Written by Ben Chan
Published: March 22, 2015 at 10:25 AM [UTC]
I made a new YouTube video discussing this topic and would love to hear your thoughts, professional or otherwise. It's something I've thought about a lot lately as I've been teaching my 3 violin students.
Please let me know what other observations you have about minor keys, or major keys - or anything else that's related! Thanks!
Ben, that was nice! I love this concerto. Its one I learnt as a kid so it will always stick in my memory whereas yesterday is already lost in the mists of time. I am probably a little extreme because intonation is so personal but I would actually take your minor playing even further. The repeated Fs at whatever pitch must be absolutely consistent to set a framework in my opinion. So I would experiment with how flat one can tolerate the first finger. Should we follow Auer`s advice and actually have the first finger touching the nut (Now there is extremism for you). I also felt very slightly that your c# at the end of phrase rounded things off in a very elegant way. That is one way of doing it but my perverted sense tells me that if the c# is kept sharp its kind of annoying and keeps the senses on edge for the next section. I like a more stressful approach in this opening but then I do have a bald cat. I have recently been experimenting with the exercise in Fischer`s Warming up where one deliberately pushes the envelope with similar intervals in order to stretch the range of motion of the ear, as it were. It is interesting that the very talented young player on his demo DVD is actually unable to go to extremes until Simon encourages her a bit. But I think this idea of learning what we can and can`t do may be as important as learning to play fourths , fifths and so on perfectly across the violin. I am a very strong advocate of scales in sevenths from an early stage in which the seventh pushes way, way up towards the octaves. I think young players ears need to be exposed to the actual possibilities of the violin sooner and in a more principled way. You great video is a useful contribution. Many thanks, Buri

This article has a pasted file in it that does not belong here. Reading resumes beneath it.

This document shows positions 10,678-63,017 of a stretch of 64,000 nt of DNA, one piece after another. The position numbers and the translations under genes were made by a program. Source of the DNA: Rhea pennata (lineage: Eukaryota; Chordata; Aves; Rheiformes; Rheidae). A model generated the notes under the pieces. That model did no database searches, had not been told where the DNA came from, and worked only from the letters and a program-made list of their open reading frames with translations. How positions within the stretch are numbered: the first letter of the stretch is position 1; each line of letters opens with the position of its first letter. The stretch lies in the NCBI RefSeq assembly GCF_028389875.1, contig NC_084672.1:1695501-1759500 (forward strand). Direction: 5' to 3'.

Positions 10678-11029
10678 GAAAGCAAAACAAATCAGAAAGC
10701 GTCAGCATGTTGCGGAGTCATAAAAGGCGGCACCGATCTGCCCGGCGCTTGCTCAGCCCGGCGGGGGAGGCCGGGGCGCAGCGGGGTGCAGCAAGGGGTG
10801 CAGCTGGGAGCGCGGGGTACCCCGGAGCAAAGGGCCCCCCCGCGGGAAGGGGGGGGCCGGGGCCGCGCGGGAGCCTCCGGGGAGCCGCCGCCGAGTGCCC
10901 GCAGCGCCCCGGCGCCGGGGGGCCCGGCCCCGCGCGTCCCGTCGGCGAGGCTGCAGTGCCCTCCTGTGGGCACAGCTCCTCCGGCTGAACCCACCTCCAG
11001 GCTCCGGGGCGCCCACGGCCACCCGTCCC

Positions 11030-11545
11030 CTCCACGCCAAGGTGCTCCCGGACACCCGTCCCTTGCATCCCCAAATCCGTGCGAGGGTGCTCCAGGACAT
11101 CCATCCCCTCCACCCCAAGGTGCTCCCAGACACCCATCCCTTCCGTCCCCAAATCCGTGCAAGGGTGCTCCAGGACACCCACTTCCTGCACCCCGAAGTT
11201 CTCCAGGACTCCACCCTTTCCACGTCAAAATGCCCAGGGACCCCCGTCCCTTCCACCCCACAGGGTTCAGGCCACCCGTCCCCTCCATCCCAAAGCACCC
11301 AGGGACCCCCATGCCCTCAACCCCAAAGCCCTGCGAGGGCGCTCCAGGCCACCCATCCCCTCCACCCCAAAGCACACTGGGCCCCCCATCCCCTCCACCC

From Ben Chan
Posted on March 22, 2015 at 11:42 AM
Thank you for this very articulate response! I really liked your comment about the C# - I hadn't really thought about it that deeply, but if kept consistently slightly sharp, you're right that it would maintain a more "strained" mood overall.
Makes me wonder just how bald is this cat in the made-up story! :)
I'm now very curious to read up more on Auer's 1st finger theory, too. He was my great grandpa in my teacher geneology tree, so he must have some good advice for me personally!
Great stuff! Ben
From N.A. Mohr
Posted on March 22, 2015 at 2:45 PM
Hi Ben, it`s really interesting to compare various ideas of how this opening can be tuned and they are all good. For me, prior to a cup of coffee and bowl of cat food, Heifetz has the most nuanced ideal intonation . It`s not like he is following a set of rules about playing in the minor but rather his incredible sense of the relationship between notes and the overall line stands out. He isn`t everyone`s cup of tea and indeed, for many young people, I think he is just out of fashion. But when you really listen to what he is doing there is something just slightly superior about what he is doing at this very deep level. Issac Stern is very close to my ideal as well and then to my surprise a violinist I almost never listen too (my bad) Rachel barton Pine has a -very- clear key intonation concept. At the less extreme end of the spectrum is Ida Haendel who interprets things in an absolutely exquisite, low key way. You sort of reminded more of this approach. But in her case the cat is sitting and reflecting on the sins that caused his hair to fall out in the first place. Wonderful playing. Sadly I couldn`t find Gitlis in this concerto but if you listen to his F# minor then there is real hard core minor key note bending. Fantastic! I think with talented students one might make these kinds of comparisons and (tongue in cheek) ask them to play a scale in the Key of `Heifetz` or `Rabin.` Or perhaps not.... But i think it might be interesting to jump across to something like the d minor Allemande and maybe some Mozart by the same player and see if they do anything differently. Cheers, buri